The growth in smartphone ownership has not only shifted the emphasis over to optimising for mobile search, but could lead to further SEO challenges in the near future.
This week a new Webmaster Help video from Google’s Matt Cutts has addressed the topic of voice search and the shifting habits of users, when it comes to looking for content using this particular platform.
Cutts was addressing a question about the shifts in search syntax which have occurred as a result of the rise in voice search usage.
The most significant point he makes is that people who use voice search are more inclined to speak naturally, using conversational language. This is as opposed to the traditional desktop search, which is typically oriented around keywords and short phrases, entered as text.
When using a keyboard to input search queries, people tend to be brief and efficient with their language to save time, which is why keyword choice has become so important to SEO in recent years.
Cutts said that Google is attempting to improve its ability to tackle conversational speech for the purposes of searching and given that it has recently released voice search capabilities for desktop, to complement its existing mobile solution, is an indication that it sees this as becoming even more significant in the near future.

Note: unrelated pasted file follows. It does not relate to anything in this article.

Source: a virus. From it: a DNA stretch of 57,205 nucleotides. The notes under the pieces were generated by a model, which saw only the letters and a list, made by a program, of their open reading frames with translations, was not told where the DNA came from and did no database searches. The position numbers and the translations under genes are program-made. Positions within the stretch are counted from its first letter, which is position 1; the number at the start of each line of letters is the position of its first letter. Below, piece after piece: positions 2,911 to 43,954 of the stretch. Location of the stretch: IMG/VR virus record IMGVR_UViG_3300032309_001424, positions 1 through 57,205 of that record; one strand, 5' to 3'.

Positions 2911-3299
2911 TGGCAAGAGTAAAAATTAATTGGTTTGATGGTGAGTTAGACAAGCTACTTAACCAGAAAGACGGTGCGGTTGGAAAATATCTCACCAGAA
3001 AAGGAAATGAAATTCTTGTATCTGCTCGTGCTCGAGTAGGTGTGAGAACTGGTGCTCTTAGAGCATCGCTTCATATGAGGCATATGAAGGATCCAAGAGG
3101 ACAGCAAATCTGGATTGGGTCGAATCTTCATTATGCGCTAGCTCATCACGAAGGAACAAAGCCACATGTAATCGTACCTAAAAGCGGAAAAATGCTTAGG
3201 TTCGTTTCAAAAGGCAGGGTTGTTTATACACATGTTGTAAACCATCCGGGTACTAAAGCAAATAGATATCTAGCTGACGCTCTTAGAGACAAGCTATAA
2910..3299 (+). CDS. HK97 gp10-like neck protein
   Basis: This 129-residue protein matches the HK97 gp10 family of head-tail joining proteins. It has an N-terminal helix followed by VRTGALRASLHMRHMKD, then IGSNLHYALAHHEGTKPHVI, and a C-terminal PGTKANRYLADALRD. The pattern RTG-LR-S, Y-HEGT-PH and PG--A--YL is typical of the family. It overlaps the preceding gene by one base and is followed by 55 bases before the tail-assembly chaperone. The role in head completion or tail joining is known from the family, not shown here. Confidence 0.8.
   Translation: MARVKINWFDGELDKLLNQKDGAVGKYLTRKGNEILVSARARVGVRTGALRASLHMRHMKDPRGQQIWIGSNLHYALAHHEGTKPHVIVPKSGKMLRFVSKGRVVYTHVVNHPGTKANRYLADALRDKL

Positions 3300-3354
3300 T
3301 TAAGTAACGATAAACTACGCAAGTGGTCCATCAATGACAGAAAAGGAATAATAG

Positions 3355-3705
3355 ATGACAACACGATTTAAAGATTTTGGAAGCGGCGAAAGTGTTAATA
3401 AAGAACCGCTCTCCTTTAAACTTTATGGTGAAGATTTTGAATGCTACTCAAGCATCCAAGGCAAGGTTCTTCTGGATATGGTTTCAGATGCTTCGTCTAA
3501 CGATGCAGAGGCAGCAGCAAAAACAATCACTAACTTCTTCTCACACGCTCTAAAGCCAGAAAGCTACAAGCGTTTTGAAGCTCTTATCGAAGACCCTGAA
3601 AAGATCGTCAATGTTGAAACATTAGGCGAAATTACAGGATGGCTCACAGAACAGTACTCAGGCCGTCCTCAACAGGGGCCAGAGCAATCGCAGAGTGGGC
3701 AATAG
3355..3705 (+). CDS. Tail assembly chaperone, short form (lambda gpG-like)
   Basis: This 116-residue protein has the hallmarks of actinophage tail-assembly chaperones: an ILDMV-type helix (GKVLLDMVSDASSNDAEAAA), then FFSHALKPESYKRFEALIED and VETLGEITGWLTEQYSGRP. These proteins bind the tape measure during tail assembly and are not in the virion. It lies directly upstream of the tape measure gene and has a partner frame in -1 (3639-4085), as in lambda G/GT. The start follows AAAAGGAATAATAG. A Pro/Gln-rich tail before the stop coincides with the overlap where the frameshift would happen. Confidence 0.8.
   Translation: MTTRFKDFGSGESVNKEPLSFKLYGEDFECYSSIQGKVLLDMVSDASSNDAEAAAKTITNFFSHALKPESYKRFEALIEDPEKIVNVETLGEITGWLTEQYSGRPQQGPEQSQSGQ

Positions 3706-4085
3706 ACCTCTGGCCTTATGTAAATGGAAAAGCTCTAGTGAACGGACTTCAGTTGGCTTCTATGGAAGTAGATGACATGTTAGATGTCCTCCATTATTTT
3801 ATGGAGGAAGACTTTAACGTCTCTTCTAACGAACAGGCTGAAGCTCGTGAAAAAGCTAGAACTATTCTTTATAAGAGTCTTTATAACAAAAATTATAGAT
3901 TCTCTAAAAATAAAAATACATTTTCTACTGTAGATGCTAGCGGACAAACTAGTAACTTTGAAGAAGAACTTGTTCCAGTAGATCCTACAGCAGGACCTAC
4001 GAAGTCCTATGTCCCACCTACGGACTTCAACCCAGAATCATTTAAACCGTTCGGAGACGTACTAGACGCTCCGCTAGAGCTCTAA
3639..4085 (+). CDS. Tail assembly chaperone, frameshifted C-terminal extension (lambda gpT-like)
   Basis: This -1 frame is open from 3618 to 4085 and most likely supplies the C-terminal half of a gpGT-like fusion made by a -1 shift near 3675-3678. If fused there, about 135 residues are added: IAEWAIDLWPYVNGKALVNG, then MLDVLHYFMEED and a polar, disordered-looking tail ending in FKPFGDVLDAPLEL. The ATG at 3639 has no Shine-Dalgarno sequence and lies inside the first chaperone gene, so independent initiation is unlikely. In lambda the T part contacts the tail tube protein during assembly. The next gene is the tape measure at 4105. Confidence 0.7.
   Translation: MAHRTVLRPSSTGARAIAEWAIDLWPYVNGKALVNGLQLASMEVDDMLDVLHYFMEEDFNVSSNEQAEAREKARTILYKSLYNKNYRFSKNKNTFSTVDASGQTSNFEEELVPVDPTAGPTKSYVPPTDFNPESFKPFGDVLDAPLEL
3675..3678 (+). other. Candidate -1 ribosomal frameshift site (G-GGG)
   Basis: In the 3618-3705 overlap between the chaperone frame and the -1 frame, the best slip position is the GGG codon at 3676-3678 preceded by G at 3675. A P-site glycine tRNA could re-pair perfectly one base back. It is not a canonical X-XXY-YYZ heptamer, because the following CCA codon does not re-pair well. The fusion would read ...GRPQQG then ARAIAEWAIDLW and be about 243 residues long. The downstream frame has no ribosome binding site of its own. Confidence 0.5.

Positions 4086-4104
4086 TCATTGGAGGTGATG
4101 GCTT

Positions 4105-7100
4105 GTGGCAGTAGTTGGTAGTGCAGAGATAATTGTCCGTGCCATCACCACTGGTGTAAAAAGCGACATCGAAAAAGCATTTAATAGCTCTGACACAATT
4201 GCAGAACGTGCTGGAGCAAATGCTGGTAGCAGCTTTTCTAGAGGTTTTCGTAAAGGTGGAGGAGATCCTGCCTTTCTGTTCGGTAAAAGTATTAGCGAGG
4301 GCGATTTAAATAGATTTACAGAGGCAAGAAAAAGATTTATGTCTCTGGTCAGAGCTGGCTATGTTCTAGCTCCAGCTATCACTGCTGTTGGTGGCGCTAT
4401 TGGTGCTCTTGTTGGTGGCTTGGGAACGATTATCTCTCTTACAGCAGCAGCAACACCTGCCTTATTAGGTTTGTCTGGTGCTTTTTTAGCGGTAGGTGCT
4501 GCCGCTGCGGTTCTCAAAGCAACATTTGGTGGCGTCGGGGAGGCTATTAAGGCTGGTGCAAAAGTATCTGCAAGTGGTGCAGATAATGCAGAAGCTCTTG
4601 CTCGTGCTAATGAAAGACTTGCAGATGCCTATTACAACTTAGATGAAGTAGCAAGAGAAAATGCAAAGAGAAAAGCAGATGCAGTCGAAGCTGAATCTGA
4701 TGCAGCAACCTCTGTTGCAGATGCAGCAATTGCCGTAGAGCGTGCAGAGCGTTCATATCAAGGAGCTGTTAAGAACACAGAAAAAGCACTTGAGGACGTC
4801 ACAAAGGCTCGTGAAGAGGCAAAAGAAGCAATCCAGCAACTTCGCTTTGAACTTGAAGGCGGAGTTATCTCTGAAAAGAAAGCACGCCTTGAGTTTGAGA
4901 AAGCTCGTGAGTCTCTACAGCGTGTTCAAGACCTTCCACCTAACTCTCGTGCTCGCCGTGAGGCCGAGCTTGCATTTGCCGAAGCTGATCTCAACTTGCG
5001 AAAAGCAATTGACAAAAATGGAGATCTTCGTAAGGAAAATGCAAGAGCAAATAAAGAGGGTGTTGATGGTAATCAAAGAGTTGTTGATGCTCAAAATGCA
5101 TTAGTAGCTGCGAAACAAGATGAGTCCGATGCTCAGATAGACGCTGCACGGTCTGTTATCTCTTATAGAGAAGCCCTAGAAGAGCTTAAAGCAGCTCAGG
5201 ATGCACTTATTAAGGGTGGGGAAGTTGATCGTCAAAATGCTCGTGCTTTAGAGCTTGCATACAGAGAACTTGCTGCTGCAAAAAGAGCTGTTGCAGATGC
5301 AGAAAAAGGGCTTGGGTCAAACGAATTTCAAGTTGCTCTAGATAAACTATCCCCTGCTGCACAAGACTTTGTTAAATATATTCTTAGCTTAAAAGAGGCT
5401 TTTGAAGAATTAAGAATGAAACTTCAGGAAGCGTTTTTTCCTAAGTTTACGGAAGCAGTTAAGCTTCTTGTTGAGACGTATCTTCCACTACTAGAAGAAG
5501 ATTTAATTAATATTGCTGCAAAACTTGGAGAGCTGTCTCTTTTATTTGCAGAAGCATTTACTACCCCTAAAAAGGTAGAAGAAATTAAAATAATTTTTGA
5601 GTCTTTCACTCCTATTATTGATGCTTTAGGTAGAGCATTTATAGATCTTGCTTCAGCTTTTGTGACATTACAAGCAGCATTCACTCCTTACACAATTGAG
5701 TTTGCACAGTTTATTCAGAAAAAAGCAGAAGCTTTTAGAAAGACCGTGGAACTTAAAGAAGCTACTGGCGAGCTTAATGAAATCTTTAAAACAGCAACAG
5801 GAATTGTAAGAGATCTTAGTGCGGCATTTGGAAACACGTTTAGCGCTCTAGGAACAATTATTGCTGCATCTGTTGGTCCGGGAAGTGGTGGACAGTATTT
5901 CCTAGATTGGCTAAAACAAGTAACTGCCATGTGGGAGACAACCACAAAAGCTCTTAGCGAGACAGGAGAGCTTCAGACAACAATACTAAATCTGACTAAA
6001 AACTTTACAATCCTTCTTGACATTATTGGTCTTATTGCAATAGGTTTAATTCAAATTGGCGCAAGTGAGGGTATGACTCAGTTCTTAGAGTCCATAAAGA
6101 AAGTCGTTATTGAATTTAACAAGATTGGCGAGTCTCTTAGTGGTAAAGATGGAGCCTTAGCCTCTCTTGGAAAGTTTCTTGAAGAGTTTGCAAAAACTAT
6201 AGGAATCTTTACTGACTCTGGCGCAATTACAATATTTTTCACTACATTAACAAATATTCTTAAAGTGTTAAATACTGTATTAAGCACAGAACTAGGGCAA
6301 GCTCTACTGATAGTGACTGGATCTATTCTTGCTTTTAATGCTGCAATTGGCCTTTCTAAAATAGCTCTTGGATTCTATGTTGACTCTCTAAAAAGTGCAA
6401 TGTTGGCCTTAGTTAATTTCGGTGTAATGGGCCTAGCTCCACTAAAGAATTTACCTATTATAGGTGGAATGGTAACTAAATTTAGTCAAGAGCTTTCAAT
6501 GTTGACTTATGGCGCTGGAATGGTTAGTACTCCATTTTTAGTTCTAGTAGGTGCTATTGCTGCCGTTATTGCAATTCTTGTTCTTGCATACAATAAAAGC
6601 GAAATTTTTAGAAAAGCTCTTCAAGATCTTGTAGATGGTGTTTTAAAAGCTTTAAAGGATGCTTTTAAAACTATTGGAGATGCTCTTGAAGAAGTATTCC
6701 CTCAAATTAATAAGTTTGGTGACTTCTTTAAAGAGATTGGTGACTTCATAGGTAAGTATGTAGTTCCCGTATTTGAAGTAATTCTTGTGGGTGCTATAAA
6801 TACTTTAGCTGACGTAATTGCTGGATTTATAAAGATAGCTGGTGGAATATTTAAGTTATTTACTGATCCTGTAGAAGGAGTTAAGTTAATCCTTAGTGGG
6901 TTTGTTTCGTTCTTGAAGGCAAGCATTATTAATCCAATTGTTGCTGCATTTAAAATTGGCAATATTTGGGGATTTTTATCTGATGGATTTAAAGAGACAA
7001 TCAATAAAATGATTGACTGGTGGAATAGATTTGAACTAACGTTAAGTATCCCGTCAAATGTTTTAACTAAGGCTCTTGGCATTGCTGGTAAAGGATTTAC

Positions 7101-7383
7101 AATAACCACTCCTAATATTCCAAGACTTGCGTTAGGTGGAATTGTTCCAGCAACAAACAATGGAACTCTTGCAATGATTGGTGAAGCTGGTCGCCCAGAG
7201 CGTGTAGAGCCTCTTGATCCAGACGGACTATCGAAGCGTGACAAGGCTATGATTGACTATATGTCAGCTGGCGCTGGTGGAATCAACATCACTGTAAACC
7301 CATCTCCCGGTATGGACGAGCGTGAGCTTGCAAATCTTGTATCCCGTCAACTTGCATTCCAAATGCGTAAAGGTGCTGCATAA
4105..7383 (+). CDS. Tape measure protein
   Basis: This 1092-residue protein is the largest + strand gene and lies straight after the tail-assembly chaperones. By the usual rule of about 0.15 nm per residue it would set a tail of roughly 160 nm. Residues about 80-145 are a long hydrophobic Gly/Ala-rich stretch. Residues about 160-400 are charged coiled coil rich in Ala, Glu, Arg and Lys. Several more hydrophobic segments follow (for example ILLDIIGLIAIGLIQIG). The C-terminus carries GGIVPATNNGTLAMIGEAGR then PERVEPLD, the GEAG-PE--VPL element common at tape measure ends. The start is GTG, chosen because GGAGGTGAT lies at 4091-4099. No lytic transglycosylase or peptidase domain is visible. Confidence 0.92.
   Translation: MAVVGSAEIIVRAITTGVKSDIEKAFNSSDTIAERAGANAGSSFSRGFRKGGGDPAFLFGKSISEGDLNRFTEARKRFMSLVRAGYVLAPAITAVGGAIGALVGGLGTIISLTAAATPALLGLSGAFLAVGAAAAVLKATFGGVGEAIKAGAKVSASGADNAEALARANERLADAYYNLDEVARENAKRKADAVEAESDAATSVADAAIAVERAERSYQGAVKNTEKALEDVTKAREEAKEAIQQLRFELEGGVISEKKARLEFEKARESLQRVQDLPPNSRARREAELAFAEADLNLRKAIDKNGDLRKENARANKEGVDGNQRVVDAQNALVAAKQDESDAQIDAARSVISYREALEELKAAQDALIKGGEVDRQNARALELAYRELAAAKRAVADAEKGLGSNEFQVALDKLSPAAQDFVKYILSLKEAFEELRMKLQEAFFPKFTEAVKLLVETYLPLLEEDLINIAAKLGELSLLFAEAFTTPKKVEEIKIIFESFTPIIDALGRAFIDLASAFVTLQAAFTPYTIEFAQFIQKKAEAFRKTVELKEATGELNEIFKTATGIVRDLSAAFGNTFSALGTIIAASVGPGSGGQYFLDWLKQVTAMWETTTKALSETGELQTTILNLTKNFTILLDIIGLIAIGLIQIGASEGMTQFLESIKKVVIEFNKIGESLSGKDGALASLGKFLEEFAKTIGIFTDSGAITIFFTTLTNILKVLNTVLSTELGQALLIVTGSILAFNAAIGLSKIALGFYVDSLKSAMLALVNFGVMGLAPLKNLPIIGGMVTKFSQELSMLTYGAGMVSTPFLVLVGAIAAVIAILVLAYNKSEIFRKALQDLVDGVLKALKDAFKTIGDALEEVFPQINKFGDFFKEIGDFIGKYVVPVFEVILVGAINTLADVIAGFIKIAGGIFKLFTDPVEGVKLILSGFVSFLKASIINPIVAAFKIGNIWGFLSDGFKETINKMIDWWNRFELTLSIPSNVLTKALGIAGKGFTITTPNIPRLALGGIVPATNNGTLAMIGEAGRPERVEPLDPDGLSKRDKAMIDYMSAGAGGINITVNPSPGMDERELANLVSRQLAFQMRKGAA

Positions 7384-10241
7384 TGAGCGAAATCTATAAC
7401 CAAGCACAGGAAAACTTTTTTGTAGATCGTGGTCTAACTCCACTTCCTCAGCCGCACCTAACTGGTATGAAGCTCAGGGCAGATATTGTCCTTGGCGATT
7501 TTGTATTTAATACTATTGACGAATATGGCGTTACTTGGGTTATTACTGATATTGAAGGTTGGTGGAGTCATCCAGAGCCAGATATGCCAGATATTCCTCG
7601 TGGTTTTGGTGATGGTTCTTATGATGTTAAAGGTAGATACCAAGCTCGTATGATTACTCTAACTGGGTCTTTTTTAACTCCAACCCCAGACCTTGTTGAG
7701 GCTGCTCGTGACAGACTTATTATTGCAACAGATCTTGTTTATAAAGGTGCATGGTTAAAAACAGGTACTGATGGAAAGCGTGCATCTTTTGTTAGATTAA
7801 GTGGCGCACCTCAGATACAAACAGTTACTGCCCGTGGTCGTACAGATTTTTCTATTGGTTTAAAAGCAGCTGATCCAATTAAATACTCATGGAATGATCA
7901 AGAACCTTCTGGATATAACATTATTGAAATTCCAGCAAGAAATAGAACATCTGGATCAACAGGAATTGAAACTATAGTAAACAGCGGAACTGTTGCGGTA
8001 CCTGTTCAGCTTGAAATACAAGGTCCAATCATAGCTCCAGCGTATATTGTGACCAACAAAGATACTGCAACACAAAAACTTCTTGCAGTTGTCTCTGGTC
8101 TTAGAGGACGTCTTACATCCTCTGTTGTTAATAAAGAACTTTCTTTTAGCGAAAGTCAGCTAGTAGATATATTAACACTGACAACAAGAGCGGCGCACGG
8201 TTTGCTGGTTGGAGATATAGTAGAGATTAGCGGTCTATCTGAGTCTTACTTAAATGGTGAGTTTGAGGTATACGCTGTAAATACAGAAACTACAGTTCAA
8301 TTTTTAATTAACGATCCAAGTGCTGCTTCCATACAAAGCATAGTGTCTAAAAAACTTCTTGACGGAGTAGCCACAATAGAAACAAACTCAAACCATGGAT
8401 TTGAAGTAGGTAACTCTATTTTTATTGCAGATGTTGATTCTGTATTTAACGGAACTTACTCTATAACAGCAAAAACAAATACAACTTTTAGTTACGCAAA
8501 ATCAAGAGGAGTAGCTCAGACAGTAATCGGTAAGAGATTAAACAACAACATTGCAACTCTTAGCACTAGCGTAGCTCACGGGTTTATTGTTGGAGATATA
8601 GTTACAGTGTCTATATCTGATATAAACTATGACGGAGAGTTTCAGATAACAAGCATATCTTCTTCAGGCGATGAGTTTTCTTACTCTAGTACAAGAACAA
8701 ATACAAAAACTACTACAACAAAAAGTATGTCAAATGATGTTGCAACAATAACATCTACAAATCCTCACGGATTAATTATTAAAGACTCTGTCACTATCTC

There is a major distinction between traditional text-based searching and voice search. Cutts points out that more keywords added in standard search will result in a smaller number of potential results, as the pool of potential relevant pages becomes smaller.
With voice search, however, the more a person speaks, the greater variety of results will be gathered because the engine will be learning more about the topic that is up for discussion.
Google is basically required to get the gist of the user’s intention via voice search, which is quite different from the arrangement it relies upon traditionally.
Cutts compares this to entering an entire document as a text search, where an holistic approach would be required, rather than one which simply tries to match all of the contained keywords to relevant content, which would, of course, make it incredibly narrow.
Google’s ability to cater to the needs of voice searchers is still slightly erratic, as anyone who has experienced the service in its current form will agree. But given its track record for consistent updates, its accuracy when seeking out the searcher’s intent from what could be quite a rambling set of verbal parameters, should improve.
It is still unclear what this might mean for webmasters and the immediate suggestion is that SEO of the future will need to de-emphasise the significance of keywords.
However, Google could still use this approach as its underpinning and the full extent of the impact of voice search in the future remains unclear. Once its market share is better understood, along with the habits of users, then it will be easier to optimise in order to take advantage of it.